Nine Million Americans Lost Healthcare Coverage During the Recession

The financial crisis not only robbed nine million Americans of their jobs – but also their healthcare insurance. According to a new study by The Commonwealth Fund, only 25 percent of Americans who lost employer-sponsored healthcare coverage succeeded at finding another source.  As a result, an estimated 52 million Americans did not have healthcare coverage in 2010.  Even though the federal government provides a subsidy, just 14 percent of people who lost their jobs continued their coverage through COBRA.

According to The Commonwealth Fund Biennial Health Insurance Survey of 2010, “Using data from The Commonwealth Biennial Health Insurance Survey of 2010 and prior years, this report examines the effect of the recession on the health insurance coverage of adults between the ages of 19 and 64 and the implications for both their finances and their access to healthcare.  The survey of 3,033 adults, conducted by Princeton Survey Research Associates International from July 2010 to November 2010, finds that in the last two years a majority of men and women who lost a job that had health benefits became uninsured.  Adults who sought coverage on the individual insurance market over the past three years struggled to find plans they could afford and many were charged higher premiums, had a health condition excluded from their coverage, or were denied coverage altogether because of a pre-existing condition.  Meanwhile, Americans with health insurance had higher deductibles and consequently greater exposure to medical costs.  And millions were struggling to pay medical bills, facing cost-related barriers to getting the care they need, or skipping or delaying needed care, including prescription medications, because of the cost.”

Just 50 percent of adults aged 64 or less are current with preventive care.  Fully 49 million employed Americans spent 10 percent or more of their yearly income on out-of-pocket costs and insurance premiums, a sharp increase from the 31 million reported in 2001.  Once the Patient Protection and Affordable Care Act (ACA) goes into full effect in 2014, the situation is likely to improve dramatically.  “These reforms have enormous potential to begin solving the problems identified in this report,” said Sara Collins, vice president of The Commonwealth Fund, a private foundation that promotes a high performing healthcare system that achieves better access, improved quality, and greater efficiency, particularly for society’s most vulnerable, including low-income people, the uninsured, minority Americans, children, and the elderly.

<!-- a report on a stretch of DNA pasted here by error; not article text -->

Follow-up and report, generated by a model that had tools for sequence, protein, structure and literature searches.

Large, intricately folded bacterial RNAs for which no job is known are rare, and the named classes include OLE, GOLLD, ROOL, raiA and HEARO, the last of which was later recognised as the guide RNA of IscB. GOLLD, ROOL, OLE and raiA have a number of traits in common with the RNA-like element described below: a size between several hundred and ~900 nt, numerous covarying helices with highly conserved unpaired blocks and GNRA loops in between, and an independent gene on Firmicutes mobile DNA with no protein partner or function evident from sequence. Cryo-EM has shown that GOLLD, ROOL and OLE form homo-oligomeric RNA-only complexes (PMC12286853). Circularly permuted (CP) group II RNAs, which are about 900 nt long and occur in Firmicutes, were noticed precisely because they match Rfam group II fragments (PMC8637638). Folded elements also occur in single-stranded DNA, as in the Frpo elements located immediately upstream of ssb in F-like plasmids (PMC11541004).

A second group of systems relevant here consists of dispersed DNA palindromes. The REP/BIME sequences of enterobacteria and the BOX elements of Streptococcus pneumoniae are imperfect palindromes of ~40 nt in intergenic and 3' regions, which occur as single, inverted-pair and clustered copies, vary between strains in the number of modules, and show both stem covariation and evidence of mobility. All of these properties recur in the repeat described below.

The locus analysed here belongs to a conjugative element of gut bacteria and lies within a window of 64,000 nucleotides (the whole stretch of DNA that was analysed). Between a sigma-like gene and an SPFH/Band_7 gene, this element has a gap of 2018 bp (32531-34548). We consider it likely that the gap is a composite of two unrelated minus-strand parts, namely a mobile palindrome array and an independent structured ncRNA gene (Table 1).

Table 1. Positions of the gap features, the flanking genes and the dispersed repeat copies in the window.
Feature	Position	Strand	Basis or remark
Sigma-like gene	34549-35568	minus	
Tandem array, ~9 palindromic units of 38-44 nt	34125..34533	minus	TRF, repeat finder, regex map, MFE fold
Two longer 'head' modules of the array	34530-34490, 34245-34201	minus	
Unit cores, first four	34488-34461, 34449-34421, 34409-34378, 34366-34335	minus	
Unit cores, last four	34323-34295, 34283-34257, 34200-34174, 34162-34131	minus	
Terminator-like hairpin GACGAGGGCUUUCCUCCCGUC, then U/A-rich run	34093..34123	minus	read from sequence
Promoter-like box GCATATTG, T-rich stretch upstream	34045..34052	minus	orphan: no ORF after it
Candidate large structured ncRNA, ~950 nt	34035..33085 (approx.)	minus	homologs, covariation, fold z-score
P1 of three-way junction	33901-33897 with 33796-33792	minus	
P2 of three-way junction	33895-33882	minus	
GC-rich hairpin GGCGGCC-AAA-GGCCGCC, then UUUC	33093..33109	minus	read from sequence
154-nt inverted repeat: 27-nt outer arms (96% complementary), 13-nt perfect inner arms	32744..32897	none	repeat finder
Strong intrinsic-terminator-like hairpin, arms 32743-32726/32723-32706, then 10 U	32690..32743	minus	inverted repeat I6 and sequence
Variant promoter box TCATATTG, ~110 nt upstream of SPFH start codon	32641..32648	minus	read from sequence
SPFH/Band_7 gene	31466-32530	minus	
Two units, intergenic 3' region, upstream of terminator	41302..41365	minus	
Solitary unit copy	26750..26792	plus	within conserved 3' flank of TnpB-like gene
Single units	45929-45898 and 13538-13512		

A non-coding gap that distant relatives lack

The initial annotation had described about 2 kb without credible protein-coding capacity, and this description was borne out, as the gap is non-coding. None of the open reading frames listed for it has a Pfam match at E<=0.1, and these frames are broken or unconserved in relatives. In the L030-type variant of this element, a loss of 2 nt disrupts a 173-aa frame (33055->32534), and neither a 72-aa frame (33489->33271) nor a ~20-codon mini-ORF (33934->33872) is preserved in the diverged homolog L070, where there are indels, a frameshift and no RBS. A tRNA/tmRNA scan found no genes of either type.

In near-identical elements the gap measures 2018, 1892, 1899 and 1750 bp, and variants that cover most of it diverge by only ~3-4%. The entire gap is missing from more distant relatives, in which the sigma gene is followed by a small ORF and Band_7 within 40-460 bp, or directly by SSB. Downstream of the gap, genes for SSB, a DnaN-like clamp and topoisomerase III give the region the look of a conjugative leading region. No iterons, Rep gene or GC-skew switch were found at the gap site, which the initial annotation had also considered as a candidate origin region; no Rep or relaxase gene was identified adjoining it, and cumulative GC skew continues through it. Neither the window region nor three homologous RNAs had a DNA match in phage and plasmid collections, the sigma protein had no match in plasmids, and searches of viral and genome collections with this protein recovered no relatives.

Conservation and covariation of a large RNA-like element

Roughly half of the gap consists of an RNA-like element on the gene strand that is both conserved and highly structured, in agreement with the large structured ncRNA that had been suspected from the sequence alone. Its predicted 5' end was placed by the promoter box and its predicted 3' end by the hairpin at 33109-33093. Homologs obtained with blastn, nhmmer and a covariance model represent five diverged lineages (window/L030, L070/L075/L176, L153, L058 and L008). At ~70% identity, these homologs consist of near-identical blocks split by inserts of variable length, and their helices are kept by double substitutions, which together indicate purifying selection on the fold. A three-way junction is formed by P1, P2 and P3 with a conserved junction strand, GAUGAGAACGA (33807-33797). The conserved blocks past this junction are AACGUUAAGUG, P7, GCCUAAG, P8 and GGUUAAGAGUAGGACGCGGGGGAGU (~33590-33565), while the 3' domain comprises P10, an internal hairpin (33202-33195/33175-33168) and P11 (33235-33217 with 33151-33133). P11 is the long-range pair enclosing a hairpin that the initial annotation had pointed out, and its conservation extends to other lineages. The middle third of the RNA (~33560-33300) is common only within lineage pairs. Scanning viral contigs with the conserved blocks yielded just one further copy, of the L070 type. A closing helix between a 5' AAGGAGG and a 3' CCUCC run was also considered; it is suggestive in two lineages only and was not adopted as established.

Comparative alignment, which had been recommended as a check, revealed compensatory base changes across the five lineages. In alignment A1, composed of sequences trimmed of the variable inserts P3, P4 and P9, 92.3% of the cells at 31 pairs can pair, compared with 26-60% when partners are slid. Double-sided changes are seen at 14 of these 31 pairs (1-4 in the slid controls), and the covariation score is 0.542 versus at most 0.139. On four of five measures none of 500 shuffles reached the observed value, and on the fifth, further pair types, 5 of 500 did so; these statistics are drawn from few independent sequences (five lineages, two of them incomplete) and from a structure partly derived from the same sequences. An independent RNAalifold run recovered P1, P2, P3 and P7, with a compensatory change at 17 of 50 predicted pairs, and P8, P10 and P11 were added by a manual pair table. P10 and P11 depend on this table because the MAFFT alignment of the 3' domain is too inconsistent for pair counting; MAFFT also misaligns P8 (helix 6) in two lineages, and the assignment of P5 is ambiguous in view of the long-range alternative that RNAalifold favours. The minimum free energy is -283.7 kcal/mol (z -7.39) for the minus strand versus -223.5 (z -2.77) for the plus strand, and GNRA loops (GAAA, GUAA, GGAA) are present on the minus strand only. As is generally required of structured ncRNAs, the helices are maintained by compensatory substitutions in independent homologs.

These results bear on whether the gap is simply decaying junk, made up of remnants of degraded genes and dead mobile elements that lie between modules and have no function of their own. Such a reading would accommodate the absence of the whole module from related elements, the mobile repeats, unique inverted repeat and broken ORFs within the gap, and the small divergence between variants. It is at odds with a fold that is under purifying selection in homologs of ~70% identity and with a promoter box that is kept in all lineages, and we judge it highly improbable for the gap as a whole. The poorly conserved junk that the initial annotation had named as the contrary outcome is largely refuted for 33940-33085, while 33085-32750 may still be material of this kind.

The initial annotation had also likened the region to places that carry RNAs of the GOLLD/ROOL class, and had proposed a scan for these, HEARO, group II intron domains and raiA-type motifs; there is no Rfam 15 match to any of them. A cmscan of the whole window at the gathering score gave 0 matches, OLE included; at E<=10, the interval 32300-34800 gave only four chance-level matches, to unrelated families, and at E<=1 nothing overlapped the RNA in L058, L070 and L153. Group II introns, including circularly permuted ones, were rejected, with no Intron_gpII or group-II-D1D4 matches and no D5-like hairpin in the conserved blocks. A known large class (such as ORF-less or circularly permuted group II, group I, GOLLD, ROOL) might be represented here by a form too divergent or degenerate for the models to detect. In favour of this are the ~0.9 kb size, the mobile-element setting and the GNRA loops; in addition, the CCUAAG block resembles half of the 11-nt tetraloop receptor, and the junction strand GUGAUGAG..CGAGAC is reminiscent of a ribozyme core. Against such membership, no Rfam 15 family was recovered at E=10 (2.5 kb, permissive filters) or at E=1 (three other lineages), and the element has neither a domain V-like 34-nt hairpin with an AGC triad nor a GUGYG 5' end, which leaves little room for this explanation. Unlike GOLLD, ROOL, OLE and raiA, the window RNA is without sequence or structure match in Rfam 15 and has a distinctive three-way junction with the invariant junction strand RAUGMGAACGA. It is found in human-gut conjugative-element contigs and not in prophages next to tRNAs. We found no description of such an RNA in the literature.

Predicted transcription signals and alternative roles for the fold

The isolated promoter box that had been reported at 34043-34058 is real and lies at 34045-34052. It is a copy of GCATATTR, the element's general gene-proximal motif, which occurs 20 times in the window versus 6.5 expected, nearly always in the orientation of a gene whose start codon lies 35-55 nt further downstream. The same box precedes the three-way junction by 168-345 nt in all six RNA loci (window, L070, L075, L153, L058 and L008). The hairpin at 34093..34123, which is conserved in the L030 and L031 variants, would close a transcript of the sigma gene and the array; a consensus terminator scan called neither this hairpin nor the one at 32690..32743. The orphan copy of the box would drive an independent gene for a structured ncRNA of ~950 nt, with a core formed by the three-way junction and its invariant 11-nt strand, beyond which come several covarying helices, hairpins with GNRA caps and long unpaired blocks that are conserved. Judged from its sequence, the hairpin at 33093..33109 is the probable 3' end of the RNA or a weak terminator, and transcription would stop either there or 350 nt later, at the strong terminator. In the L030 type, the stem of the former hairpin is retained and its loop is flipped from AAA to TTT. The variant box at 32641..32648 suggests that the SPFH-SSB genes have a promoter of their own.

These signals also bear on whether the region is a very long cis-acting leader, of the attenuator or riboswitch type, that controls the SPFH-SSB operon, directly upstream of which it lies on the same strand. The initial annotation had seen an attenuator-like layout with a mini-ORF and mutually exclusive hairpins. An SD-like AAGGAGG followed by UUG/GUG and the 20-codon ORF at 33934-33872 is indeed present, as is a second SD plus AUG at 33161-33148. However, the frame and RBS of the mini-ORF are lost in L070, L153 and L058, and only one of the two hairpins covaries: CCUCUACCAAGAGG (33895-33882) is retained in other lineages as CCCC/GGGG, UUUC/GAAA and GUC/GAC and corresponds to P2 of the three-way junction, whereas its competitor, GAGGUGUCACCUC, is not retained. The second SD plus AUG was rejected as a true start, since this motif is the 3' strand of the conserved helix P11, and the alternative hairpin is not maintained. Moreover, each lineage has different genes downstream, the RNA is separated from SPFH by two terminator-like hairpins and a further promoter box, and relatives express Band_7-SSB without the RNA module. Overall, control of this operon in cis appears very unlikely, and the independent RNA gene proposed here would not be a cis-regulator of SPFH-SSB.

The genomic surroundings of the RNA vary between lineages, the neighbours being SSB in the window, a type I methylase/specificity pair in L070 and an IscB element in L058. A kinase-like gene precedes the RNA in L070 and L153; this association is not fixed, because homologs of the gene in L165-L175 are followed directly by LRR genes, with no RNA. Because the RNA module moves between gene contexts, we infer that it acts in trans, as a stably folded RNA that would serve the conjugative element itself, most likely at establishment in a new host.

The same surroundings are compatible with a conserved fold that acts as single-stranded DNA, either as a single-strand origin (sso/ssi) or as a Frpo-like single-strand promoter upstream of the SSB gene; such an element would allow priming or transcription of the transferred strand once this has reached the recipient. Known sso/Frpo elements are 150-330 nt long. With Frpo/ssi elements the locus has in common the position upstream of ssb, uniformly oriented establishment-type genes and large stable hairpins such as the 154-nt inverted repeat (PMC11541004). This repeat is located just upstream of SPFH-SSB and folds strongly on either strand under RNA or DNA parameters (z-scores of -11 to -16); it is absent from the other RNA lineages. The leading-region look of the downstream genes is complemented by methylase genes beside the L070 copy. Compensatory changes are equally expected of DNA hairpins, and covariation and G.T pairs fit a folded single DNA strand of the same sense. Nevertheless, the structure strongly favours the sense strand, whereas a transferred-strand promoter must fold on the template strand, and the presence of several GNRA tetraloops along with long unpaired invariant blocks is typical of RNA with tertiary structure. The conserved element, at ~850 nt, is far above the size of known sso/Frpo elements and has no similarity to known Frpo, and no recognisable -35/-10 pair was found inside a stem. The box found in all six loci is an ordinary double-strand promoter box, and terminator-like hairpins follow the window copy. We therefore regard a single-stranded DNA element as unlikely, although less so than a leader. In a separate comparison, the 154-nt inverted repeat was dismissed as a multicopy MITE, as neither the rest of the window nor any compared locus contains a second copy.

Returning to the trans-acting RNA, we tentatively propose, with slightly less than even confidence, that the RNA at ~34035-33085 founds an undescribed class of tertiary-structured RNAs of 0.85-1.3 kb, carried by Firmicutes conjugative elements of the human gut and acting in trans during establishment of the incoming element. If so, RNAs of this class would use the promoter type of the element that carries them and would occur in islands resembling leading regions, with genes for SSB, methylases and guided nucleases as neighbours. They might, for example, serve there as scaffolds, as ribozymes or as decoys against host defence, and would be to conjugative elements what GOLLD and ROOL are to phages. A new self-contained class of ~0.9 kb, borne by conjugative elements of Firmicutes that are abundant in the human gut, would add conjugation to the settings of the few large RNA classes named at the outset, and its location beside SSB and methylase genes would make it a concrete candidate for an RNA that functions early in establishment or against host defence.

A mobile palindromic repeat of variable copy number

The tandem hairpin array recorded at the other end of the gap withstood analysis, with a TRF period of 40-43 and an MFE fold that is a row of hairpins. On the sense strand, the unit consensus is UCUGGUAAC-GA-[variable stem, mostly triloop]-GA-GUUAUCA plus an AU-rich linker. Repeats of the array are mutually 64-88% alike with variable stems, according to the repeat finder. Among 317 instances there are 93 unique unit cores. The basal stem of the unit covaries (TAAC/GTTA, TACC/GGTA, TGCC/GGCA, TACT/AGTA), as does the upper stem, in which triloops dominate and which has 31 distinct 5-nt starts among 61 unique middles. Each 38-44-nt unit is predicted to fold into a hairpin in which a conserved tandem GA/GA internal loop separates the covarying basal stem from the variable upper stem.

“The report tells the story of the continuing deterioration of healthcare accessibility, efficiency, safety and affordability over the past decade,” said The Commonwealth Fund president Karen Davis. “All this despite the fact that the United States spends more than any other country on healthcare.  Most recently it has failed the millions of Americans who lost their jobs during the recession and lost health benefits as well, leaving them with no place to turn for affordable healthcare coverage.  The silver lining is that the Patient Protection and Affordable Care Act has already begun to bring relief to families,” Davis said.  “Once the new law is fully implemented, we can be confident that no future recession will have the power to strip so many Americans of their health security.”

Of those people who attempted to buy an individual plan during the study’s timeframe — 19 million individuals – or 71 percent found it difficult or impossible to locate a plan they could afford and met their needs, were denied coverage or charged extra because of a pre-existing medical condition.  Adults with family incomes of less than $22,050 for a family of four were hardest hit with 54 percent having no healthcare insurance.  An additional 41 percent of families with incomes of between $22,050 and $44,100 had no coverage.  Of higher-income families, just 13 percent lacked healthcare coverage in 2010.

Conservative groups such as the Heritage Foundation are critical of the healthcare reform law.  The Washington, D.C.-based think tank wants changes made to the healthcare system to make it less reliant on government and to have individuals “own and control their own healthcare policies.”  Additionally, Heritage believes that the healthcare law will increase government spending.  “Of course there’s some people who will benefit from the law, but just focusing on individuals with benefits is misleading,” said Brian Blase, a policy analyst in health studies.  “You have to look at the law in its totality.”

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